Steady State Temperature Field

The Figures in this section show the state at the rear end of the mesh or flow lines. In the regular mesh next to the filler material, each element has a depth of 2.375 mm in the y - direction.

In the upstream area, there is no change from the initial microstructures, since the incoming material has not been affected by the heat input from this weld pool. For this temperature field, in the downstream area, all the austenite has completely decomposed into its transformation products. It could not be seen at the downstream end. This full decomposition indicates that the microstructure of the material flowing out is essentially stable. Although some of these transformation products are metastable, any changes which occur only do so very slowly unless there is further heating.

Steady State Temperature Field

Figure 4-11: Pearlite contours at the ends of streamlines. Contour В is typical of the edge of the HAZ

Figures 4-11 and -12 show the isopercentage contours of pearlite and bainite distributions, respectively. After welding, the fraction of ferrite is almost constant at 70%. The major microstructural change is that the formation of bainite reduces the pearlite percentage in the

HAZ. In this weld, the cooling rate behind the weld pool is not large enough to form martensite at the downstream end. The final microstructure outside the HAZ changes little. Inside the HAZ it is mostly ferrite with a mixture of pearlite and bainite. There is about 20-25% bainite adjacent or near the fusion zone, largely due to the increased austenite grain size. Two to three mm within contour E in Figure 4-12, a layer with the largest grain size and the highest bainite is predicted.

The cooling rate is almost constant for an isothermal contour.

Steady State Temperature Field

Figure 4-12: Bainite contours at the ends of flow lines. The amount of bainite in the FIAZ within contour E is more than 25%.

Flow Line Direction

Steady State Temperature Field

Figure 4-13: Overlapping cooling rate and temperature contours (grayed). The range shown is 800-600°C. The corresponding range of cooling rate is 20-8°C/s. Note that for an isothermal contour, e. g. 600°C, the cooling rate at that temperature is nearly constant.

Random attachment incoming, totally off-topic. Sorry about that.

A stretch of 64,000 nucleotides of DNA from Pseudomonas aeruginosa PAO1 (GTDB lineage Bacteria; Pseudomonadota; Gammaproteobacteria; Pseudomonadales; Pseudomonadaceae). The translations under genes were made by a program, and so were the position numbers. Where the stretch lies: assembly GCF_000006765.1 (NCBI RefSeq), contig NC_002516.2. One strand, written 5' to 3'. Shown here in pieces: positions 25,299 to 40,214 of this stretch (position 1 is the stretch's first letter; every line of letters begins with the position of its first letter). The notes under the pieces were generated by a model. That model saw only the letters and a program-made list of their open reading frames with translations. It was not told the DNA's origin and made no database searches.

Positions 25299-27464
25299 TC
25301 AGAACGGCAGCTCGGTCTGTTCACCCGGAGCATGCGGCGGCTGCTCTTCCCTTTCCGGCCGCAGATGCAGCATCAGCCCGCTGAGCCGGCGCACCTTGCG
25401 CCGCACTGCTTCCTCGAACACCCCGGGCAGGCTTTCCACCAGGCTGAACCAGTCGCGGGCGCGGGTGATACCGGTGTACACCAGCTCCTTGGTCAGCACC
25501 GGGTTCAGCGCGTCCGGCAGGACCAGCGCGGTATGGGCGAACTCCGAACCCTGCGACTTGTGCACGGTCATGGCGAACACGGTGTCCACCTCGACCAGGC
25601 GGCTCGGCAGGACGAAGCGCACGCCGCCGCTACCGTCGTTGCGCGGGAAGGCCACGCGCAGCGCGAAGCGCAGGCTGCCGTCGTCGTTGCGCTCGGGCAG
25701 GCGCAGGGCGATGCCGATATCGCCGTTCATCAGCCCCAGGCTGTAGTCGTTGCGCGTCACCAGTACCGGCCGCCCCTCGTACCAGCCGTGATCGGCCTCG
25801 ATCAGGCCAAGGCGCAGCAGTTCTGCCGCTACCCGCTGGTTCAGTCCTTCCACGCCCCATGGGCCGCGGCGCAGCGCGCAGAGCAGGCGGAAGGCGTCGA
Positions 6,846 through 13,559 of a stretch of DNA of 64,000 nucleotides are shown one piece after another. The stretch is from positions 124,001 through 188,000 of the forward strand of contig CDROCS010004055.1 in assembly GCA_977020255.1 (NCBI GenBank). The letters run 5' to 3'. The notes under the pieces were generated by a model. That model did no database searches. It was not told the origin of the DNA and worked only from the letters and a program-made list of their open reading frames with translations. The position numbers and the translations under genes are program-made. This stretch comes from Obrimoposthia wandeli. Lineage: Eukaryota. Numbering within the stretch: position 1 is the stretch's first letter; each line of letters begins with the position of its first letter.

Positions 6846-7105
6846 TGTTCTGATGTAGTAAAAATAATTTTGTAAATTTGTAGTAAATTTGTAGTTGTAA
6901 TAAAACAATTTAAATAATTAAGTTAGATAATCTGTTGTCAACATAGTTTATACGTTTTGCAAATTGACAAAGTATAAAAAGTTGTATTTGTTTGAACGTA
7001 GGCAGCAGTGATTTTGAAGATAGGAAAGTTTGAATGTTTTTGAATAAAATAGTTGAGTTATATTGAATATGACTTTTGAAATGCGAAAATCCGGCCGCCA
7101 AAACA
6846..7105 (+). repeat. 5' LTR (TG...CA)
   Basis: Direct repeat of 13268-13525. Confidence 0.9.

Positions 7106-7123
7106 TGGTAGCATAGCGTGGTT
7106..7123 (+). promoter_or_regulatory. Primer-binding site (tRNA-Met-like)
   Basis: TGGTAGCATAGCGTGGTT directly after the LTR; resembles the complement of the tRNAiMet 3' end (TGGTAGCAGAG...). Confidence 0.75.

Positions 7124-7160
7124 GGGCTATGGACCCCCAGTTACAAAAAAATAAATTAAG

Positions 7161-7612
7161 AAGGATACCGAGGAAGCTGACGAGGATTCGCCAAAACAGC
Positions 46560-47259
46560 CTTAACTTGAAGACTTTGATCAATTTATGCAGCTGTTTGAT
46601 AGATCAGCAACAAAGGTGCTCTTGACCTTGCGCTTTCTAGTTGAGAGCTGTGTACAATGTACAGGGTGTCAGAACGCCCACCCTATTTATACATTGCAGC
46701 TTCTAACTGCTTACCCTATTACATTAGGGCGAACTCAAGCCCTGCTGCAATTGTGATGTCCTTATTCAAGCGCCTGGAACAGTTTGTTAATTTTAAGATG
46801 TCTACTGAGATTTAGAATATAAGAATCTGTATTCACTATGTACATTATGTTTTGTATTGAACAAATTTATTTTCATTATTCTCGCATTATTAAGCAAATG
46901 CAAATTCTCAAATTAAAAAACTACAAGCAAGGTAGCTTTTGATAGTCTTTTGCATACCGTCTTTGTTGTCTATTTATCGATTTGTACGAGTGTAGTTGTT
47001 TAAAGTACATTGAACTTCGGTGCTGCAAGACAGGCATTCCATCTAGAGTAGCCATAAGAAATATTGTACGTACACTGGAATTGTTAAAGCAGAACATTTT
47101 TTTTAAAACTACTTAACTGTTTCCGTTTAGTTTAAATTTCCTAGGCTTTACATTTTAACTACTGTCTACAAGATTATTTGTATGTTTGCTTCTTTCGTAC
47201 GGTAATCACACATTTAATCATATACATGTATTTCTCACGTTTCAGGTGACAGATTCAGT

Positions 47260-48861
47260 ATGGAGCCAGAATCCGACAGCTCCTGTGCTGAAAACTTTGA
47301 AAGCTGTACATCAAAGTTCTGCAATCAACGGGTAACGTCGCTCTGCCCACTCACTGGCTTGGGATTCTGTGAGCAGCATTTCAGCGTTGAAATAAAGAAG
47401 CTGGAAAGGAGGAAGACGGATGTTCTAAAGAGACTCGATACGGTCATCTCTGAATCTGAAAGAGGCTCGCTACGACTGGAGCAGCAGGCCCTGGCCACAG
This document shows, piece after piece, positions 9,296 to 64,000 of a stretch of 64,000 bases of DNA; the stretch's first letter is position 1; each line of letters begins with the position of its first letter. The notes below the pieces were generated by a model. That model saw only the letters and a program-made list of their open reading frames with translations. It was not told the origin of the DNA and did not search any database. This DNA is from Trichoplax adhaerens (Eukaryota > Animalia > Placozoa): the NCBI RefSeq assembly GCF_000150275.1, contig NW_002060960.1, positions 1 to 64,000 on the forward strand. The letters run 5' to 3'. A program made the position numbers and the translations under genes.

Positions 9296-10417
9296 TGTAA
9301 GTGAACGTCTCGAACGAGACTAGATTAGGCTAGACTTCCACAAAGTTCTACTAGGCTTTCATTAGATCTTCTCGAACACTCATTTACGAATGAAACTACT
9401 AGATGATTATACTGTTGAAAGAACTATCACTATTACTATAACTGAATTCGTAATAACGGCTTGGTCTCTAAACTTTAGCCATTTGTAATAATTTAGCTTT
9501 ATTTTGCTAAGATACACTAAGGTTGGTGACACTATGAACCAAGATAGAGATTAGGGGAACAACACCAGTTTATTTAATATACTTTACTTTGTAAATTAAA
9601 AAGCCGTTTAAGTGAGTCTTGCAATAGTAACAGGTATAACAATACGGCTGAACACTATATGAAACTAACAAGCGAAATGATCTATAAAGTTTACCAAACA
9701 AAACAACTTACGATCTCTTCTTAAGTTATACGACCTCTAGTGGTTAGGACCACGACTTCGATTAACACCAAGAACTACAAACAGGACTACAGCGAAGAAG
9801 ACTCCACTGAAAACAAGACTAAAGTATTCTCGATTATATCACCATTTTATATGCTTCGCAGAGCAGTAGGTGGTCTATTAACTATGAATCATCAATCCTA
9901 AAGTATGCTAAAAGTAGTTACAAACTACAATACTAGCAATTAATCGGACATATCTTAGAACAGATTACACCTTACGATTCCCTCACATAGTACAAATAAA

temperature ----------

Cooling Rate ----------

The cooling rate is almost constant for an isothermal contour as observed in Figure 4-13.

The cooling rate defined here is AT(°C)/At(s) between two neighboring points along a streamline.

Steady State Temperature Field

Figure 4-14: The contours of prior austenite grain sizes (|xm) are shown. The grain size in the fusion zone is not shown, since the microstructure model does not apply to the fusion zone. Contours В, C, D, E, and F represent the grain sizes in the HAZ, which are 4-10 times coarser than that in the original base metal.

Figure 4-14 shows the estimated austenite grain size (jim). The coarse grained HAZ region is next to the fusion zone. The grains in the HAZ are up to 10 times coarser than the original material. Note that the high values inside the fusion zone, or weld metal, may not be correct because this microstructure model does not have the ability to predict them. The HAZ region is likely brittle since the upper bainite is expected to form with large grain size at low cooling rate. If lower bainite is formed at higher cooling rates, the region can have an ideal structure, being hard and tough. However, if the cooling rate was high enough to form martensite the region would likely be very hard, brittle and susceptible to cracking.

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